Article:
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New study shows disabled music industry professionals often feel unable to disclose an impairment or condition

By | Published on Friday 3 September 2021

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A new Arts Council-funded study led by Harbourside Artist Management has revealed that many music industry professionals with non-visible disabilities do not disclose details of their conditions to employers and colleagues – often putting their health and safety at risk – because of concerns that doing so will impact on their careers.

The new study surveyed almost 150 people from the music industry who identified as having a disability or long-term health condition. 71% said their impairment or condition is non-visible. Of those, 88% revealed they ‘sometimes’ or ‘never’ disclose the impairment or condition to those who they work with, with 69% of this subset admitting that this had put their health and safety at risk.

Reasons given for not disclosing that information include the fear that doing so would make them seem less capable, or result in them receiving less future work, or in experiencing other kinds of discrimination.

The study also considered why disabled people are so under-represented in the music industry. Previous Arts Council research found that only 1.8% of music industry professionals identified as having a disability, compared to the UK population average of 18%.

Of those surveyed, 90% agreed that the lack of visibly disabled people in the music industry contributed to under-representation in the sector. 79% said a lack of opportunities at a youth level were also a factor, while 73% cited the music industry’s reputation for demanding long working hours from its employees, and possibly not providing the flexibility required by disabled workers.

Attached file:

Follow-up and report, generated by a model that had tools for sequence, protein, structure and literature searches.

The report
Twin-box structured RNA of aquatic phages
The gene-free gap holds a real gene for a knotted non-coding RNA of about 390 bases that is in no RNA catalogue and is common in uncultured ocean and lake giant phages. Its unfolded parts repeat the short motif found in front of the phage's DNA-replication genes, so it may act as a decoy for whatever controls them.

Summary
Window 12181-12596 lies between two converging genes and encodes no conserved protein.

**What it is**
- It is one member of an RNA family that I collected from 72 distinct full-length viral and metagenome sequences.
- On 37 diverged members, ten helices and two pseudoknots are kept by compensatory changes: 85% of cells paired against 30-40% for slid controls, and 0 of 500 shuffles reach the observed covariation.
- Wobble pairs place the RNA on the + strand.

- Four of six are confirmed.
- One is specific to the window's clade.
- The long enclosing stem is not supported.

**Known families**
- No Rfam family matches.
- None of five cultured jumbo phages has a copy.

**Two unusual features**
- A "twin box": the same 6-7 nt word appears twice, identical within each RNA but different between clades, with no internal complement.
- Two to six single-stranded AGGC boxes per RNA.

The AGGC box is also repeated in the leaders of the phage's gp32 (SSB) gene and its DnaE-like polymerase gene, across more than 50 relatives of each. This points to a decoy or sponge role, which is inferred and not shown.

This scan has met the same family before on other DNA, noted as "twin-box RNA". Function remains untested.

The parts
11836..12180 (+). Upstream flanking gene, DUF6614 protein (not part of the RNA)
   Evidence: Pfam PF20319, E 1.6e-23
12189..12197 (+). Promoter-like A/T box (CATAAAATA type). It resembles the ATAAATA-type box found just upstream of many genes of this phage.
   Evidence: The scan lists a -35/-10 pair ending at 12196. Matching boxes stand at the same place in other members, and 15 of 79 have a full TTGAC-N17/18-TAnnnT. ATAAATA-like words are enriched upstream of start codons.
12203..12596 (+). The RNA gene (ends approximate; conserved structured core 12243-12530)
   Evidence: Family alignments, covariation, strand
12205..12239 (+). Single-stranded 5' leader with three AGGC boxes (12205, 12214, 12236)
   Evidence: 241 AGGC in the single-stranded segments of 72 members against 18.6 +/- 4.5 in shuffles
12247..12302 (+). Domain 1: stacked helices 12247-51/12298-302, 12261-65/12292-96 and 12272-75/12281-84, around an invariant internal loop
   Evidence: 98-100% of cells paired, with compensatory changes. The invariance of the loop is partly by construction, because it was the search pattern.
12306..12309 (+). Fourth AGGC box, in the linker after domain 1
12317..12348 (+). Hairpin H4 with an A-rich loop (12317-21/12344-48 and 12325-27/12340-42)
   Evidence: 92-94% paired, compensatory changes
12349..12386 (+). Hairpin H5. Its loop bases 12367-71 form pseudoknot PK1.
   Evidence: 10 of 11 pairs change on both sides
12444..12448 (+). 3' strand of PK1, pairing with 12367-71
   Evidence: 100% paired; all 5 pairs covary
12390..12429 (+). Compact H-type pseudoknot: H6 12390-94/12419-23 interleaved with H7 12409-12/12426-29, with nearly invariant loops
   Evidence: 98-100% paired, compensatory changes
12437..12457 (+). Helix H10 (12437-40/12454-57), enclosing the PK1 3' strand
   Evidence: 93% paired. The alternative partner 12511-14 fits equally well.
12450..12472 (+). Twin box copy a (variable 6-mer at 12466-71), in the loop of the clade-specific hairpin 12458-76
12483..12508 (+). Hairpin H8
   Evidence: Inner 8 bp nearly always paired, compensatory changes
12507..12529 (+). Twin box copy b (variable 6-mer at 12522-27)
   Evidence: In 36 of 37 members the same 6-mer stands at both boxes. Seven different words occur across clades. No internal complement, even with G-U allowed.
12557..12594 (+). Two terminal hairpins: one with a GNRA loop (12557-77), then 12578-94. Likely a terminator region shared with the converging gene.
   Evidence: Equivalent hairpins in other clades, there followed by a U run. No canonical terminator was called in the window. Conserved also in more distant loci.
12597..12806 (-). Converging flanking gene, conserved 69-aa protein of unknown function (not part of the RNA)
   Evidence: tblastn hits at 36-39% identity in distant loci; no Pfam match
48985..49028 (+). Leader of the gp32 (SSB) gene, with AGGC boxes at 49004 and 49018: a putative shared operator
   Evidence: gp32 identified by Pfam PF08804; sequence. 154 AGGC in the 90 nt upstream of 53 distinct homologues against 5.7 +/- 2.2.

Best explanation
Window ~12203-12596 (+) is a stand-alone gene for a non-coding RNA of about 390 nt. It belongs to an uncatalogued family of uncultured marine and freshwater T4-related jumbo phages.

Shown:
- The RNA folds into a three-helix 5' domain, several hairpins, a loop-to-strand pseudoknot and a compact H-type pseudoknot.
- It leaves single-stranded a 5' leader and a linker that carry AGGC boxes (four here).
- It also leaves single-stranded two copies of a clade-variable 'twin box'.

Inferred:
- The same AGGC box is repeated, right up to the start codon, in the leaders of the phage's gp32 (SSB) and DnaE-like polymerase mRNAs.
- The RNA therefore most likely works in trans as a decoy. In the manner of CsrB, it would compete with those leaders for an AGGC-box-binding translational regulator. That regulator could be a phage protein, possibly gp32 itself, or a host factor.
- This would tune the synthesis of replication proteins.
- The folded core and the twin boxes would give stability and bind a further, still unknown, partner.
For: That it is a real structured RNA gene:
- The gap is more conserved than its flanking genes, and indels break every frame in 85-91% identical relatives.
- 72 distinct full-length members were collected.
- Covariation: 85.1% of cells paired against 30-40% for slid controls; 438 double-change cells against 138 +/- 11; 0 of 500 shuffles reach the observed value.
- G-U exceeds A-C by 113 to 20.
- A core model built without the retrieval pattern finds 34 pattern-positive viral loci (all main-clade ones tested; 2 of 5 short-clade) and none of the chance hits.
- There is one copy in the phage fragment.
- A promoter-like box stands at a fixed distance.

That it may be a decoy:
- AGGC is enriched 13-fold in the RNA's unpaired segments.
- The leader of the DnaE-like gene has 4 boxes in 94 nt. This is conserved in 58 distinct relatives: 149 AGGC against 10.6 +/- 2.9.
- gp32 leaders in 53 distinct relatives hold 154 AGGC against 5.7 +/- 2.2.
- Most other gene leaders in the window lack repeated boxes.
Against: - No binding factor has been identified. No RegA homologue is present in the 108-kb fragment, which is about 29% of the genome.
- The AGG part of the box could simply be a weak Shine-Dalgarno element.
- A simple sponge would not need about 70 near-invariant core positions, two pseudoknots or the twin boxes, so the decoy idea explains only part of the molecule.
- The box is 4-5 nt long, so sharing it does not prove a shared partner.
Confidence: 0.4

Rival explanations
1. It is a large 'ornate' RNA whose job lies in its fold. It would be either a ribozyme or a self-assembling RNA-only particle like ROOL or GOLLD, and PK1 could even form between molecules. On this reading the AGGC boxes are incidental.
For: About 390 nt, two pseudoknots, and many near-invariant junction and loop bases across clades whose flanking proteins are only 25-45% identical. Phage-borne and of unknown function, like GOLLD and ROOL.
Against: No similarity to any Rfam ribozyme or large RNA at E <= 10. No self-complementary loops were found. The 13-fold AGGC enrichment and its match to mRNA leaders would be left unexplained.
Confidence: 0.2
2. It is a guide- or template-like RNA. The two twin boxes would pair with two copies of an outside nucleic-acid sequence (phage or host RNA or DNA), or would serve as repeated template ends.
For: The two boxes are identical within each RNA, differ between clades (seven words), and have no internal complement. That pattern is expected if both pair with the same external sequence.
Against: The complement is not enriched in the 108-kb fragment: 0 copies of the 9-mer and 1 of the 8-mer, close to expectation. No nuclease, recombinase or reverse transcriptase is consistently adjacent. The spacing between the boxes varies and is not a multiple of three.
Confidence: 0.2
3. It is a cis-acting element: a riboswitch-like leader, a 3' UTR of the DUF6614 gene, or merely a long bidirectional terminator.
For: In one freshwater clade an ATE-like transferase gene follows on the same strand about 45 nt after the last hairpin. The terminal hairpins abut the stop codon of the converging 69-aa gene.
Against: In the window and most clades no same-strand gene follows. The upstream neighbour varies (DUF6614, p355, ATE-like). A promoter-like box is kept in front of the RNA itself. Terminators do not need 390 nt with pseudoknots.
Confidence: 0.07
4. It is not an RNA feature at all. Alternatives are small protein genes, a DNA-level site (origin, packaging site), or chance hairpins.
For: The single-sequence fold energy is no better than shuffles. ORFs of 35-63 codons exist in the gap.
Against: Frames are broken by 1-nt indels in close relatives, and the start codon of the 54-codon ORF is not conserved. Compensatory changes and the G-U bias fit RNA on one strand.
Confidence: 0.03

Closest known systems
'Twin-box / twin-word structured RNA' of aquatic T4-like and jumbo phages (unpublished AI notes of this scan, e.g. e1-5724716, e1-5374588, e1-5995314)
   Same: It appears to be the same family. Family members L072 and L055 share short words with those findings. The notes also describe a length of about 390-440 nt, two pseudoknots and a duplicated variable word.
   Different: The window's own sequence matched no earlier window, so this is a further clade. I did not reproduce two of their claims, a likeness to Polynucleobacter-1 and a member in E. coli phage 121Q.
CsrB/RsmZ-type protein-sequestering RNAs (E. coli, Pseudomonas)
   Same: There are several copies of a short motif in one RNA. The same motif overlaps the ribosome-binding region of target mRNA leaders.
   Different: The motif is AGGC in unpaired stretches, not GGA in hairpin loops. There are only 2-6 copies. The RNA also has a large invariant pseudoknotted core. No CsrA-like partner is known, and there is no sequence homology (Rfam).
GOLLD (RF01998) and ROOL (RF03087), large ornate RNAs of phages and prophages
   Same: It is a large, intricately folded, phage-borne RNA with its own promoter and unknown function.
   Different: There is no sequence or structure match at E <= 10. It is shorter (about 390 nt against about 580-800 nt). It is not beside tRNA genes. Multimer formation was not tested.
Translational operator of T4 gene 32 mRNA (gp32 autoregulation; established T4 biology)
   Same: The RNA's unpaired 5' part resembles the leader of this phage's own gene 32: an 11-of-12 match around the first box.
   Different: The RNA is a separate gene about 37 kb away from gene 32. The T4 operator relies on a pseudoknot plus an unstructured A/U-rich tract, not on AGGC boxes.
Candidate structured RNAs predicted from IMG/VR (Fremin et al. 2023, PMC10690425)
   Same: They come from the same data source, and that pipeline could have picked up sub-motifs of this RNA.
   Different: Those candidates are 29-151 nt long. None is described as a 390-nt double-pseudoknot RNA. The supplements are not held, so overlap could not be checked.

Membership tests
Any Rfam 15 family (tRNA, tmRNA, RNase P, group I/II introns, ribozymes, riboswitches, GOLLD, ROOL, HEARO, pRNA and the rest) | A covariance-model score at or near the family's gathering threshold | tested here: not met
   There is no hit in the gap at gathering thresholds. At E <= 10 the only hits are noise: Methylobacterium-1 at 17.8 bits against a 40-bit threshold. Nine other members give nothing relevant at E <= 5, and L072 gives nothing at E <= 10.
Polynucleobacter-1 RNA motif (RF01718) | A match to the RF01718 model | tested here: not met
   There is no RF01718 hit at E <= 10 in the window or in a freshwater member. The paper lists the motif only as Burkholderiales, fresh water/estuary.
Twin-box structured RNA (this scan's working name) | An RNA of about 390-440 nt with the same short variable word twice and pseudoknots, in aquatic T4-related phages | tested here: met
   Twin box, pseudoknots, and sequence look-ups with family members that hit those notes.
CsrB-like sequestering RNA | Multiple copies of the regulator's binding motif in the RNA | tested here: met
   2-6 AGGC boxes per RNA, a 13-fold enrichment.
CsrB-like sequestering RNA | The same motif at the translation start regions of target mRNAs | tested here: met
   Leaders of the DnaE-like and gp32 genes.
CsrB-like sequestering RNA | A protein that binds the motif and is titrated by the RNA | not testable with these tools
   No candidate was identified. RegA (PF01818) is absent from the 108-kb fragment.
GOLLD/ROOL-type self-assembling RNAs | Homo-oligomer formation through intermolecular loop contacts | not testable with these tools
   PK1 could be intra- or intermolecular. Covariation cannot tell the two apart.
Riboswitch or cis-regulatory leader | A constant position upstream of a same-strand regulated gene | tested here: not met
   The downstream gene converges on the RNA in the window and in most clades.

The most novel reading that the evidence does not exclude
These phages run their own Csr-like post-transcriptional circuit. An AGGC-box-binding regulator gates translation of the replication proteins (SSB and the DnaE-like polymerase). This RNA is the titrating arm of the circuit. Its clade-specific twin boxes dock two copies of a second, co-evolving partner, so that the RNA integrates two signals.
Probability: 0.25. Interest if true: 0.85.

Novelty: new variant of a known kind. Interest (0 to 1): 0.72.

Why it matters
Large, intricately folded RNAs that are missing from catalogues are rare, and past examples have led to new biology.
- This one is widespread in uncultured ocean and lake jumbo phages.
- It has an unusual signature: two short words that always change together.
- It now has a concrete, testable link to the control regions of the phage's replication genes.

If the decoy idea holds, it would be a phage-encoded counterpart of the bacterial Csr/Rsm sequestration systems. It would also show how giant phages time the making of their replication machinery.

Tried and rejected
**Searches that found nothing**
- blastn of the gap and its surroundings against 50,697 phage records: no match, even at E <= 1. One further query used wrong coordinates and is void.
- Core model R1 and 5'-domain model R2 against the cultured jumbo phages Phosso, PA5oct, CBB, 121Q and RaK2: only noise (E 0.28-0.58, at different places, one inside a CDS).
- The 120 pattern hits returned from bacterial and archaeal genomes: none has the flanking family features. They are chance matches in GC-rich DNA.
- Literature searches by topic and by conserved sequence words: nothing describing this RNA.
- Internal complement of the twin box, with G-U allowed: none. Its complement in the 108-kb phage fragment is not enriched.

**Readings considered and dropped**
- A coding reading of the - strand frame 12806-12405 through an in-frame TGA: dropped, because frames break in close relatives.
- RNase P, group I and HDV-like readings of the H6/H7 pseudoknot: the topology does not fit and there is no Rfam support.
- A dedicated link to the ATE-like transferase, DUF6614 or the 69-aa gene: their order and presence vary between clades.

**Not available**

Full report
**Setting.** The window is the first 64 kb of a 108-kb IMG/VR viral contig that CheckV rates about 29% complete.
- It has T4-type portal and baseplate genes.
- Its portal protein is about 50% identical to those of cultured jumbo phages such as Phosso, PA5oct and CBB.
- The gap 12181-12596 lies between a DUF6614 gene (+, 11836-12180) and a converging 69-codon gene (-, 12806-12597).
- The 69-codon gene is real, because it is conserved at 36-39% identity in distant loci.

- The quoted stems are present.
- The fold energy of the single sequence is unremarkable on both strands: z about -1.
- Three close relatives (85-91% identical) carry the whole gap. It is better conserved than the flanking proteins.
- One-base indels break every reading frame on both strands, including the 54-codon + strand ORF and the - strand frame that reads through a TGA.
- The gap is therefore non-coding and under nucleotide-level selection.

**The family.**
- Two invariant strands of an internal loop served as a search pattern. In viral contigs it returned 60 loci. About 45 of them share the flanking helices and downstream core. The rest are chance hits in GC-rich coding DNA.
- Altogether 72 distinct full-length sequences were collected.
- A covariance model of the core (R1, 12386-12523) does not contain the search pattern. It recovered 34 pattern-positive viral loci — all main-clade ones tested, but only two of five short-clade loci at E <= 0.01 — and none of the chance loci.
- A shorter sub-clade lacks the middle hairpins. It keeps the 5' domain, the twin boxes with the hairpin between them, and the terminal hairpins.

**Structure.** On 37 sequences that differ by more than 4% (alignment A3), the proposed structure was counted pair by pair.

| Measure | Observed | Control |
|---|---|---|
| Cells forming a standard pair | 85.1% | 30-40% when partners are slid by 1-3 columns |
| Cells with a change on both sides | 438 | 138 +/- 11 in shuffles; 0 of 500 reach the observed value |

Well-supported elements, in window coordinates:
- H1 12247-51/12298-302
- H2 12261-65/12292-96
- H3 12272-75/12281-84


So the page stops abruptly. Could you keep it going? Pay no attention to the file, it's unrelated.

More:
The study was led by artist manager and Harbourside Artist Management founder Ben Price, who himself has a non-visible health condition. On the study he says: “With my own lived experiences I was keen to embark on this research. I myself have a disability that I didn’t feel able to disclose, and I wanted to explore the perspectives of others in a similar position, as well as solutions of what can be done to improve disabled representation in the music industry”.

“This aim is not necessarily to ask more people to disclose their disabilities”, he adds, “but to encourage an environment where those conversations are normalised and more people with a disability or long-term health condition can be welcomed into the industry – at all levels – without barriers”.

The study has been welcomed by accessibility charity Attitude Is Everything. It has found similar findings with its own past research. It also has various programmes offering practical advice to employers and businesses across the music industry as to how they can remove barriers so to ensure that disabled people can pursue a career in music, whether on stage or behind the scenes.

The charity’s founder, Suzanne Bull, says: “Ben Price continues to highlight the barriers that disabled professionals face from the music industry and these results reflect similar data to statistics and anecdotes that Attitude Is Everything have recently published”.

“It’s clear that there needs to be a big shake-up of attitudes and perceptions of disabled people by the music industry; everything from making it safer for colleagues and artists with health conditions to disclose, as well as ridding the industry of some long-held assumptions that disabled people just can’t have a career in music – assumptions which continue to be rooted in the way that our society regards the disability community”.

“And yet it doesn’t have to be this way”, Bull goes on. “Attitude Is Everything have two key programmes with which we’re seeking to transform this industry for the better – Beyond The Music, an accessible employment programme – and The Next Stage, a programme to support disabled artists with opportunities, information and advice, so we’re well placed to support the industry to improve”.

She concludes: “We hope to work in partnership with Harbourside Management, and together we can forge our way through so that the music sector becomes a welcoming, open, inclusive and exciting career prospect to deaf, disabled and neurodiverse people. It takes collaboration and collective effort to make systematic change so we need allies!”

Price has written a blog post about his own experiences and his study here.